Ice-fishing educator Dave Genz is not only an ice fishing guru. He also loves to spend summer days on the Mississippi River where it flows past his backdoor in St. Cloud. When the weather turns hot, fishing is far from hard for this northwoods Huck Finn, who launches his boat from his backyard.
Genz says anglers shouldn't be deterred by high water on the Mississippi and other Minnesota rivers. The added current concentrates fish, making the search more predictable.
Genz said he's caught walleyes and smallmouth bass over 20 inches and also some bonus catfish. "I fish with live bait so I'm not particular about what bites," Genz said.
Over the centuries, evolution has favored river fish that adapted to moving water. A fish can't eat enough to survive if it spends all its energy fighting current. As a result, most gamefish in rivers are ambush feeders. They gather where obstructions break the current and provide resting areas. They sit in this slower-moving water and wait for prey to swim by.
In times of high water and strong current, Genz focuses on the downstream side of islands, places often too shallow to fish in normal-water years. But this season they have the right combination of depth and eddies, the name for the slack areas formed by current breaks.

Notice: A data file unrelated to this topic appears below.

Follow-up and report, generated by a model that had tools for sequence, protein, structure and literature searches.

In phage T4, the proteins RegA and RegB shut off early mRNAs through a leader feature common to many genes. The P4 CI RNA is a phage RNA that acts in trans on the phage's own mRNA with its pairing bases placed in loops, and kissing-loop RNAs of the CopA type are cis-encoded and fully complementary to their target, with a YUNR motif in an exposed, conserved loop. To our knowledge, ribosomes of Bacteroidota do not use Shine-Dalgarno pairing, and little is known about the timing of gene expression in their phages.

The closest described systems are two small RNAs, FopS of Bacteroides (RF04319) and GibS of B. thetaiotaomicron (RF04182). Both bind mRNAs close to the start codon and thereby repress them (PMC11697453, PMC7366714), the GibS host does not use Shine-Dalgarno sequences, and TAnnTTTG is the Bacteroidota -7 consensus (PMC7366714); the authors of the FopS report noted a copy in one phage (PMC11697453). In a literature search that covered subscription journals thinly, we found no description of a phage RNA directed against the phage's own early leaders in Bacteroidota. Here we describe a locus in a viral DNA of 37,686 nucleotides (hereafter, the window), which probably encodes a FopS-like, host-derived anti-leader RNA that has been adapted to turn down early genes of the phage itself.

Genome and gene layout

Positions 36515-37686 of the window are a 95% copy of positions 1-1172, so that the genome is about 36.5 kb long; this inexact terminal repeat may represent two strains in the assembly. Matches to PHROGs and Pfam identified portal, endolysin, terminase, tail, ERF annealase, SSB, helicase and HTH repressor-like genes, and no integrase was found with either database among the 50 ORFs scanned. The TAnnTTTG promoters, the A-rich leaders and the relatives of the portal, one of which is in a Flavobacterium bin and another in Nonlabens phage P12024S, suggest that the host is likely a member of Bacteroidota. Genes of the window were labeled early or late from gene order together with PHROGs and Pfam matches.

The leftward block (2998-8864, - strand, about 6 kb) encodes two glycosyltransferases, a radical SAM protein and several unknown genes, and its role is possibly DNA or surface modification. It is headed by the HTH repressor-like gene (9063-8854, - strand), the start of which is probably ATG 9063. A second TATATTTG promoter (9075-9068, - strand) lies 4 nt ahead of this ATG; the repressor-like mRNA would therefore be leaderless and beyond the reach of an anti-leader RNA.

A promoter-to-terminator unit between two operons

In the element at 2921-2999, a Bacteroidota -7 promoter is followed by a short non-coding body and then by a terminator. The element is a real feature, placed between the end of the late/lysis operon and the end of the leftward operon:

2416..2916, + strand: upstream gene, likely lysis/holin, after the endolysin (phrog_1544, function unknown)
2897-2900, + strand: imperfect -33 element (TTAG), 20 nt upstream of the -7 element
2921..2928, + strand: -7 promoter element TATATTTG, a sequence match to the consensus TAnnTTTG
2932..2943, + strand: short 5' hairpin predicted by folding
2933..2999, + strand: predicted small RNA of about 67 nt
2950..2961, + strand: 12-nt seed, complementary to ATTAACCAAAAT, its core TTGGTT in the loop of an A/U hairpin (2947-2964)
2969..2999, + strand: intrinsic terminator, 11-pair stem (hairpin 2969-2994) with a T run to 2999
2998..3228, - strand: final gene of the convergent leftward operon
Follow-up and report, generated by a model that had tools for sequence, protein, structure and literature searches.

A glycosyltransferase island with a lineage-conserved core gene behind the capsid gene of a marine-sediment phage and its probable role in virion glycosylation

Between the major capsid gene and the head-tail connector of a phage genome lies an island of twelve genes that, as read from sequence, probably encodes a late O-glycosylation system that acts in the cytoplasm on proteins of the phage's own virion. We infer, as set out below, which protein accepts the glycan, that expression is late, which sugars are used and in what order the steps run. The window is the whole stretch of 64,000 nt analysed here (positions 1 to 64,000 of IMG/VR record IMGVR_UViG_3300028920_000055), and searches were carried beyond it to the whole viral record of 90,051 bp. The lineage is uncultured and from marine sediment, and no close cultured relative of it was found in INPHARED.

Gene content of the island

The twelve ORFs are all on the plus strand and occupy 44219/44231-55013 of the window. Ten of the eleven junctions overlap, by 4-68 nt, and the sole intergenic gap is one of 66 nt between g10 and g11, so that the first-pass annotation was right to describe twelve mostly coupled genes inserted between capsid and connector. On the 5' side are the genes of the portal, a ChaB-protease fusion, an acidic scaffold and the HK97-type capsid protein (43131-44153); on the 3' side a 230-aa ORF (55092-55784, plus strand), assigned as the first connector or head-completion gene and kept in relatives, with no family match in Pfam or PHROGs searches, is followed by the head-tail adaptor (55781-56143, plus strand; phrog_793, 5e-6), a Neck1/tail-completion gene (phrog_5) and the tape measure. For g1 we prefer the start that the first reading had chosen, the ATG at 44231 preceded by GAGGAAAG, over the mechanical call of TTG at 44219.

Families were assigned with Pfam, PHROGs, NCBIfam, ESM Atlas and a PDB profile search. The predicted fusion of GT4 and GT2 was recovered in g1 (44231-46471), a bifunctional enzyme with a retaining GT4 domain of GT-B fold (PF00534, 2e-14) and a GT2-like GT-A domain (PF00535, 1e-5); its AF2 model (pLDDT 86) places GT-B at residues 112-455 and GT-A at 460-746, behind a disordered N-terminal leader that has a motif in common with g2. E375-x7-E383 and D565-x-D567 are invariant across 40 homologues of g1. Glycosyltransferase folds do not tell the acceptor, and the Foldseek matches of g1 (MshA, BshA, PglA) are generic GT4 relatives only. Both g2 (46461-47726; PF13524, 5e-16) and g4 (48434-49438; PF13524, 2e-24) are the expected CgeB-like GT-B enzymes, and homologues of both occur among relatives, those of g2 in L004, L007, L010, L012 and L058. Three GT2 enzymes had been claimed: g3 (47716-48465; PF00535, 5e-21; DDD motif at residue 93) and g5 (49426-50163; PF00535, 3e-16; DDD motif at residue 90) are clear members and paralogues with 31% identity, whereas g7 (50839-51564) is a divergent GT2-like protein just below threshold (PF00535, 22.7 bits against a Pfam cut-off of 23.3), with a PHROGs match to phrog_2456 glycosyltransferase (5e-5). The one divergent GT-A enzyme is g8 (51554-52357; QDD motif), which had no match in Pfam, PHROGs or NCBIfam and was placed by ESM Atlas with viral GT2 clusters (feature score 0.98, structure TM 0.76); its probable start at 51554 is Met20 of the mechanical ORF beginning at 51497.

A good river rig is an 8-foot steelhead rod, spinning reel and 10-pound extra-tough line. Your line will get nicked repeatedly, so check it and retie often to prevent a break while bringing in a good fish.
Keep terminal tackle simple. A 1/4- to 1/2-ounce Lindy No-Snagg works great. Genz sticks with those sizes because he can keep them on the bottom where water moves slowly enough to hold fish.
The sinker should be fixed. Clip the No-Snagg onto a snap swivel and tie an 18-inch leader to the snap. Add a hook and nightcrawler pierced once through the nose and then twice more through the body.
Use the outboard motor to hover over the eddy or to slip slowly downstream with the current through slower-moving water. Most fish stay tight to the bottom, so stay in contact with the lift-drop, lift-drop presentation.
Keep your rod tip high. Often you'll feel only some extra weight when a fish takes the bait. Drop the tip, reel up the slack and set the hook. Sometimes Genz beaches his boat on the downstream side of an island and casts to the edges of the eddy. Fish any eddy formed by points jutting into the river, rocks or man-made obstructions.
Genz also explores feeder creeks with newly-submerged timber. As the water drops, fish move to more traditional locations such as rocks and boulders in deep water.
Want a catfish? Beach the boat upstream of a fallen tree, cast toward it and let the bait drift to the wood.
Water clarity has been a factor this year. Check eddies at the mouths of creeks, where the water is cleaner than in the main river. Fish the line where the color changes from dirty to clear.
Rainfall can turn feeder creeks and the main river to mud. When that happens, go upstream to a dam. Water often is clearer where it exits the reservoir because the sediment has settled.
Don't make the mistake of assuming river fishing is good only in spring and fall. Summer fishing on moving water can be hot.
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